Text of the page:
Fear Not Old Age, Laugh By Skip Sheffield Don’t fear old age. Laugh at it. That is the cheerful attitude of “Best Exotic Marigold Hotel,” a cheeky comedy featuring some of the best older British actors working today. Dame Judi Dench heads a cast of seasoned pros who are not afraid of having a little fun at their own expense. The premise is that a diverse group of cash-strapped British retirees collectively fall for a photo-shopped brochure boasting a charming, newly restored and affordable “Best Exotic Marigold Hotel for the Elderly and Beautiful” in Jaipur, India. The reality is that the hotel is a decrepit relic of the British colonial era run by Sonny (Dev Patel of “Slumdog Millionaire”) in partnership with his two absent, older, more successful brothers. The seven British visitors are the first and only guests. Based on the 2004 novel “These Foolish Things” by Deborah Moggach, with screenplay by Ol Parker, “Marigold Hotel” is a comedy of cultural clashes and reality adjustments, directed by John Madden (“The Debt”). Judi Dench is Evelyn Greenslade, a proud woman so broke she is forced to seek employment at an Indian call center. Nevertheless Evelyn is resourceful and clever and determined to make the best of her Indian adventure. Her opposite is Muriel Donnelly (Maggie Smith), a hard-working housekeeper who was dumped for a younger woman. Perhaps as a result of her oppressed lot, Muriel has become distinctly racist. Graham Dashwood (Tom Wilkinson) is the only one in the group acquainted with India, as he spent the first 18 years of his life there. A former high court judge, Graham is returning to India for a special reason near and dear to his heart. Bill Nighy and Penelope Wilson play Douglas and Jean Ainslie, a couple married nearly 50 years but falling out of love. Ronald Pickup is Norman, an aging Lothario who doesn’t quite realize he is no longer appealing to women. Celia Imrie is Madge Hardcastle, a woman unlucky in love but still searching. Contrasting with the older characters is the young love of Sonny for Sunaina (Tena Desae), a beautiful girl deemed not suitable for Sonny by his class-conscious mother. “Marigold Hotel” is funny, romantic, touching and an utter delight for people of all ages. “Dark Shadows” Played for Laughs It is helpful to see “Dark Shadows” with someone who is a fan of the old television show as well as a fan of Johnny Depp. My friend Beth fits both descriptions. She watched the 1966-1971 television series and its re-runs religiously and she has always had a thing for Depp. I on the other hand was not interested in a soap opera with vampires and werewolves. Director Tim Burton is a professed admirer of “Dark Shadows” and Johnny Depp has long waited to play the head vampire, Barnabas Collins. So Depp applies whiteface and dark eye makeup once again to play the role of cursed vampire Barnabas Collins, who came with his family from England to coastal Maine to found a thriving fishing business and a town named after him: Collinsport. Though he was the most successful man in town and built the imposing Collinwood manor, Barnabas ran afoul of the local witch when he fell in love with fair Josette Dupres (Bella Heathcote). In a jealous rage the witch cursed Barnabas, turned him into a vampire, and buried him alive in a coffin. That coffin is unearthed 200 years later in 1972. Rather than being overly reverential or serious, Tim Burton opts for a comic approach to the far-fetched tale and its overblown characters. Depp’s Barnabas is a second cousin to his prancing pirate, Jack Sparrow. The character who is the most fun to watch is Eva Green as bitchy, witchy Angelique Bouchard. It’s good to see Michelle Pfeiffer back in action as regal matriarch Elizabeth Collins Stoddard. Jackie Earle Haley makes the most of his role as the family’s booze-swilling caretaker. The 1970s-era details are fun too. “Dark Shadows” may not strike terror, but it is good for a few good laughs. “The Cup” Old-Fashioned Horserace Drama On the serious side is “The Cup.” It’s a lovely, old-fashioned film by Simon Wincer (“Phar Lap,” “Free Willy”) film about the true story of the Melbourne Cup horse race of 2002. The Melbourne Cup is like the Kentucky Derby of Australia. The 2002 race was particularly dramatic not only because of the thrilling outcome of the race, but also the offstage drama. Damien Oliver (Stephen Curry) and his brother Jason (Daniel MacPherson) were born into a horseracing family. The boys’ father Ray died 20 years earlier in a racing accident. Just days before the Melbourne Cup, Jason Oliver too was killed in a racing accident. Damien Oliver was wracked with guilt and unsure if he should race the temperamental horse Media Puzzle, trained in Ireland by the great horse trainer Dermot Weld (Brendan Gleeson). I have never seen Brendan Gleeson deliver a bad performance, and he does not disappoint here. However, the human characters are secondary to the beautiful horses and racing sequences. That alone is worth the price of admission. A Dysfunctional "Perfect family" “The Perfect Family” is the ironic title of a very imperfect one, starring Kathleen Turner as Eileen Cleary, a devout Catholic suburban New Jersey housewife who is Campaigning hard for Catholic Woman of the Year at her parish. The fly in this ointment is the fact Eileen must introduce her family to the church board for their approval. Her husband Frank Cleary (Michael McGrady) is a recovering alcoholic teetering on relapse. Son Frank Jr. (Jason Ritter) is unhappily married and having an affair with a manicurist. The “piece de resistance” is daughter Shannon (Emily Deschanel), five months pregnant and determined to marry her girlfriend. While this is supposed to be zany, dysfunctional family fun under the direction of Anne Renton, I found it uncomfortable. When I saw Kathleen Turner recently playing a nun onstage, she looked better than in this film, which must have been made at the peak of her weight gain. Richard Chamberlain must have fallen on hard times to take a gig as the parish priest, Monsignor Murphy.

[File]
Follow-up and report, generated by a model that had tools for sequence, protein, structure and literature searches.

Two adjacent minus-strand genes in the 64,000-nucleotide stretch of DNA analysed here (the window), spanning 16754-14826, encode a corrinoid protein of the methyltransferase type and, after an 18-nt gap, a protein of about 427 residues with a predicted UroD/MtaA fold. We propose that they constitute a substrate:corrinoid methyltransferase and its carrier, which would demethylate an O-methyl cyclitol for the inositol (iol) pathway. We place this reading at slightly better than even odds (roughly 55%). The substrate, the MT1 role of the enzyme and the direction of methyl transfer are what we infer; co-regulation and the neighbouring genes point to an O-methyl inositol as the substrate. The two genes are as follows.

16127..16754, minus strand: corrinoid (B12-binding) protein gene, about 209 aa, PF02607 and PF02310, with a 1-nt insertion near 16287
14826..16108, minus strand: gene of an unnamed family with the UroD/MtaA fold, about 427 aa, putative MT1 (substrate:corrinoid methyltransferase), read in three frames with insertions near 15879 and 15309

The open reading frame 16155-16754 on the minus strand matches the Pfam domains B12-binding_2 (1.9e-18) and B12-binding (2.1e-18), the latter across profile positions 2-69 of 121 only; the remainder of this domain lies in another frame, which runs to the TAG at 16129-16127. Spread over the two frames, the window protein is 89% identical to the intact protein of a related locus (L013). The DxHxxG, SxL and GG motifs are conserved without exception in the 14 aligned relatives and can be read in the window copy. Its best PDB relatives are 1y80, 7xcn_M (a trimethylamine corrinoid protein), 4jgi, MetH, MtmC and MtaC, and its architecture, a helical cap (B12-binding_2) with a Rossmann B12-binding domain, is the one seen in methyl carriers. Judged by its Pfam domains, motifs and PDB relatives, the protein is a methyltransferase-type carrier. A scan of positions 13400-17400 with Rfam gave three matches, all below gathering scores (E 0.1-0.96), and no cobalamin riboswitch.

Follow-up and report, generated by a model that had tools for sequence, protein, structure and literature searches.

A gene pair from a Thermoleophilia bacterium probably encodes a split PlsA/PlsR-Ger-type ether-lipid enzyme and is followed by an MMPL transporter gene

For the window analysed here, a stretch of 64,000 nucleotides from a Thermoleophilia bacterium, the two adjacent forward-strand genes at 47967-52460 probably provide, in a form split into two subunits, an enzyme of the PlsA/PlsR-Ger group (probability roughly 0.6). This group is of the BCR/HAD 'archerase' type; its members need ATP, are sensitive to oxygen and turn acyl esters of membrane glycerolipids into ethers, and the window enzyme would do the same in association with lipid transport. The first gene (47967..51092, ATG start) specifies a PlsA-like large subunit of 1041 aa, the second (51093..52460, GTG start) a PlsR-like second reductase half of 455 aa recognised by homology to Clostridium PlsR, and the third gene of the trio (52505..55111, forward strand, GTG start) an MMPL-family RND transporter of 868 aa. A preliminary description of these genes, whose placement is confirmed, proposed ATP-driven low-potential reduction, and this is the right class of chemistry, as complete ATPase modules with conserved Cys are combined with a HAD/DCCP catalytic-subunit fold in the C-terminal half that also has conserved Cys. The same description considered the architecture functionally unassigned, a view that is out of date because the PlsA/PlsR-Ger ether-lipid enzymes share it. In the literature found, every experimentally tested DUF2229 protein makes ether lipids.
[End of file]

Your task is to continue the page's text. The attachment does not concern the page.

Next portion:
Thursday, May 3, 2012